Sophie Bolich

It’s the ‘World’s Smallest Beer Festival’

Torzala Brewing Co. presents Jones Island festival, inspired by area's 'fascinating history.'

By - Sep 15th, 2022 01:45 pm
Kaszube's Park, 1439 S. Carferry Dr. Photo taken Sept. 14, 2022 by Sophie Bolich.

Kaszube’s Park, 1439 S. Carferry Dr. Photo taken Sept. 14, 2022 by Sophie Bolich.

A pint-sized beer festival is coming to Milwaukee’s smallest park.

Torzala Brewing Co. will host Jones Island Fest, which bills itself as the “world’s smallest beer festival,” Sept. 24 from noon to 6 p.m. at Kaszube’s Park, 1439 S. Carferry Dr.

The park occupies just 0.15 acres of public land in the area just north of the Port of Milwaukee, known as Jones Island. Today the park is a tiny oasis amid a maze of railroad tracks, salt piles and water treatment facilities. It’s hard to imagine the thriving fishing neighborhood that occupied the Jones Island of yesteryear.

“I think a lot of people don’t understand the history of Jones Island,” said Jeff Torzala, co-owner of Torzala Brewing Co., adding that he felt the festival would be an opportunity to highlight that history for Milwaukee residents.

Long before European settlers arrived, the island (technically a peninsula) was a Potawatomi summer village with easy access to wild rice and fish. Milwaukee saw its population grow exponentially after the Civil War as migrants and immigrants flocked to the “Good Land,” as indigenous tribes had dubbed it — including Polish settlers, experienced in fishing, who chose Jones Island as their home.

“There was just such a huge community there,” Torzala said.

The Port of Milwaukee flourished as the city grew, but larger boats found it difficult to maneuver through the long, winding inlet. In 1857, the Army Corps of Engineers created a channel through the northern part of the peninsula, called the “straight cut,” giving Jones Island its title, which has weathered the years even as the channel washed away. The once-vibrant fisherman’s village waned in the early 1900s when the island was depopulated for the construction of a new wastewater treatment plant and updated harbor facilities.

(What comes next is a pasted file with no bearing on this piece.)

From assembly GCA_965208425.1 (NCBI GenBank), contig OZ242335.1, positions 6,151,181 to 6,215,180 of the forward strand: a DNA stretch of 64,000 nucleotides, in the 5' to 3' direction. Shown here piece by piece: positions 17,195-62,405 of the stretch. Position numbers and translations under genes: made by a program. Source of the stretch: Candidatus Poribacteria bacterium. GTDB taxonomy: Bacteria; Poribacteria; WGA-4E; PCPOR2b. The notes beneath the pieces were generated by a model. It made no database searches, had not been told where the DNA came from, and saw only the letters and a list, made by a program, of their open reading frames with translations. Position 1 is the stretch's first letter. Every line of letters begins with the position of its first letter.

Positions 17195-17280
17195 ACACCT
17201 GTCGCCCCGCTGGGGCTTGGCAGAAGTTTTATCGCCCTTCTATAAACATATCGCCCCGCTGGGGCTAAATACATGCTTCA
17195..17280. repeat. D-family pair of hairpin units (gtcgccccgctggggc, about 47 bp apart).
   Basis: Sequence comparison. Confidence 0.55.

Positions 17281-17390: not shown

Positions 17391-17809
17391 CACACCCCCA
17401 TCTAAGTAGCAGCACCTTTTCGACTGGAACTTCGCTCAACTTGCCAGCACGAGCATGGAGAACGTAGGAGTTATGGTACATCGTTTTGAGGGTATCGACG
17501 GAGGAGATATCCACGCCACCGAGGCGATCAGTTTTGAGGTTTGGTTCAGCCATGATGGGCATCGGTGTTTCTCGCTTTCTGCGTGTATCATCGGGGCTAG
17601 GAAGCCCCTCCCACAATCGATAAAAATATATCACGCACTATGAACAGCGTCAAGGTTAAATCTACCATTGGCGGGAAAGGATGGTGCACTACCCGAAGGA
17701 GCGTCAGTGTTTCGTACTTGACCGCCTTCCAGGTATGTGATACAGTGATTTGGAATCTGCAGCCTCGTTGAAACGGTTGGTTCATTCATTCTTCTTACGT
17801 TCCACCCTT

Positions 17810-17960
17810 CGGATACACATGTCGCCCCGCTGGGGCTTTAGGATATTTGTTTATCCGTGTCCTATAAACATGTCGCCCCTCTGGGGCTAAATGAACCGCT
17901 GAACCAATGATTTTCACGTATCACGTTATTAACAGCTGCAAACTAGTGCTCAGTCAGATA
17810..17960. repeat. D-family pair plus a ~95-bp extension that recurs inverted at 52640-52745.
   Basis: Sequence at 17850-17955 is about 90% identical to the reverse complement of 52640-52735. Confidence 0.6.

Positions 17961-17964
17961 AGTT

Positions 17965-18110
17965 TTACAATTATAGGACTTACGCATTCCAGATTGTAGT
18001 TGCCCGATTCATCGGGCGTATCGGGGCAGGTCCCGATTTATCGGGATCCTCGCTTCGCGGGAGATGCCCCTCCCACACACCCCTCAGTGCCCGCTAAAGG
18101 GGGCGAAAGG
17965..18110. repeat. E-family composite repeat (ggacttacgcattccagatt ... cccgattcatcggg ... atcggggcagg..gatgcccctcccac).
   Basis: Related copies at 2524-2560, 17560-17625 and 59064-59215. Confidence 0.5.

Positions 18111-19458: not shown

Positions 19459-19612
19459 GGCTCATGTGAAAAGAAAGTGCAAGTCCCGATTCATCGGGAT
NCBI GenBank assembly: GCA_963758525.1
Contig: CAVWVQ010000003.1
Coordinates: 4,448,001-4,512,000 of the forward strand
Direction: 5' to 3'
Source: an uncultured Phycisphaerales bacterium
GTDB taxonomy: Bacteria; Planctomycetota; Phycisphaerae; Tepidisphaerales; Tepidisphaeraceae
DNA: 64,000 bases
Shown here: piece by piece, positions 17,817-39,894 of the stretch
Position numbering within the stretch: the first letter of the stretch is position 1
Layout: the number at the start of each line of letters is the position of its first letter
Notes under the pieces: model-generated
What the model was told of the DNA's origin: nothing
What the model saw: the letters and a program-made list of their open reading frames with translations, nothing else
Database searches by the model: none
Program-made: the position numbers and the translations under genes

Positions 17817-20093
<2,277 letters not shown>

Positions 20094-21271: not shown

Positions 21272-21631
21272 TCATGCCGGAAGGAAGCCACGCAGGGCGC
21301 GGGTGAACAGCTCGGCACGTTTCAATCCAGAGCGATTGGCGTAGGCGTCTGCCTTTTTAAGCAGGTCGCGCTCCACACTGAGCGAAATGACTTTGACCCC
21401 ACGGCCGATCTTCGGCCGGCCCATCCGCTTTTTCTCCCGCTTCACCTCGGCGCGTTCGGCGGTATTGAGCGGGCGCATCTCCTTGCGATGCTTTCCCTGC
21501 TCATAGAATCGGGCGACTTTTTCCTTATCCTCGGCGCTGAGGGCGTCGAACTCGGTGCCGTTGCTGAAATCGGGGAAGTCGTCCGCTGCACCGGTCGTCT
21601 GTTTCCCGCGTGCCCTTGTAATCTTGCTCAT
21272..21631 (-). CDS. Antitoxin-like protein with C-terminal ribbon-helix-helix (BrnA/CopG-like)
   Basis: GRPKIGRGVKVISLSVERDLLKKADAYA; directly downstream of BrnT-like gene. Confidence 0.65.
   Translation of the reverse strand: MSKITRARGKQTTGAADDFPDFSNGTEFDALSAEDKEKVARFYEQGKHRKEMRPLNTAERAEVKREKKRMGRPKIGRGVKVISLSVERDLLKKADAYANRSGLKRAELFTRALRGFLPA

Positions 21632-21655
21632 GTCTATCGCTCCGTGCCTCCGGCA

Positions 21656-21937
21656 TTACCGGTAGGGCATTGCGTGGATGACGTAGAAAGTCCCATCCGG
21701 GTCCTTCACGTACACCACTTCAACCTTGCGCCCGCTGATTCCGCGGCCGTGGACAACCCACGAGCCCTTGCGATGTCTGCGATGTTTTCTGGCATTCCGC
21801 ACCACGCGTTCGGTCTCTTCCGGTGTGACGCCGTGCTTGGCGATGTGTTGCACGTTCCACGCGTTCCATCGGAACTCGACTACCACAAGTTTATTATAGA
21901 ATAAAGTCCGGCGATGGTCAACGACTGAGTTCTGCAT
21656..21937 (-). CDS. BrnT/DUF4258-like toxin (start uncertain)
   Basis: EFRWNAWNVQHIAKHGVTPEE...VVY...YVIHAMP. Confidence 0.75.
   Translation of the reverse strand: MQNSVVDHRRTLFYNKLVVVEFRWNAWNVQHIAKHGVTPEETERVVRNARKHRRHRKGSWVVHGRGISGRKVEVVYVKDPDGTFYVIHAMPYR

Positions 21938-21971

Today, Kaszube’s Park contains about the only living things on the peninsula — including a handful of trees and a patch of grass. There is also an old ship’s anchor, a plaque commemorating the island’s history and, for now, a postcard-sized advertisement for Jones Island Fest — stuck into the ground with a toothpick.

Attendees of the festival can expect to sample Torzala’s Jones Island Fest, a special-release Polish Pale Ale crafted with imported Polish hops. There will also be hot dogs, Polish sausages and plenty of opportunity to mingle with the Torzala Brewing Co. team, including Torzala and his wife, Trish, Jake Palubicki, Renee Martinez and Brian Michalak.

Guests can also pick up an informational pamphlet detailing the history of the island.

When he’s not hosting tiny beer festivals in industrial areas, Torzala can be found running his brewery, which opened in June with a focus on traditional beers.

Torzala got the brewing bug from his dad, who worked as a carpenter at Miller for over 30 years. Being “around that atmosphere and in that culture of beer brewing” sparked his interest from a young age, Torzala said.

Experiencing the craft beer scene in Portland, living abroad in Belgium and dabbling in homebrewing led Torzala to the prestigious Siebel Institute, where he took his brewing knowledge to the next level.

Trish Torzala, his wife, is equally passionate. A former media buyer and current psychotherapist, she had considered attending Siebel in the midst of her career change, but decided against it. At Torzala, she stays on top of social media, marketing and other business operations.

“She keeps me focused,” Jeff Torzala said.

Torzala Brewing Co. occupies a 1,400-square-foot, second-floor space at Lincoln Warehouse, 2018 S. 1st St., in Bay View.

Formerly home to Enlightened Brewing Company and Eagle Park Brewing Company, the space has become something of an incubator for growing breweries. Most recently, Component Brewing Company moved from the second-floor space to a larger, 3,000-square-foot location on the first floor of the warehouse.

For Jeff Torzala, physical growth isn’t necessarily a priority. “It’s really more of the concept of making sure we’re connecting with everybody and that they understand our beer and who we are,” he said.

In upcoming months, the team at Torzala is looking to start small-scale beer distribution, via cans or kegs, to local retailers. The brewery would also add a heat and eat food concept.

Torzala Brewing Co. is open Thursday from 5 p.m. to 9 p.m., Friday and Saturday from 3 p.m. to 10 p.m. and Sunday from 1 p.m. to 6 p.m.


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One thought on “It’s the ‘World’s Smallest Beer Festival’”

  1. msmrecek says:

    I didn’t even know that park existed

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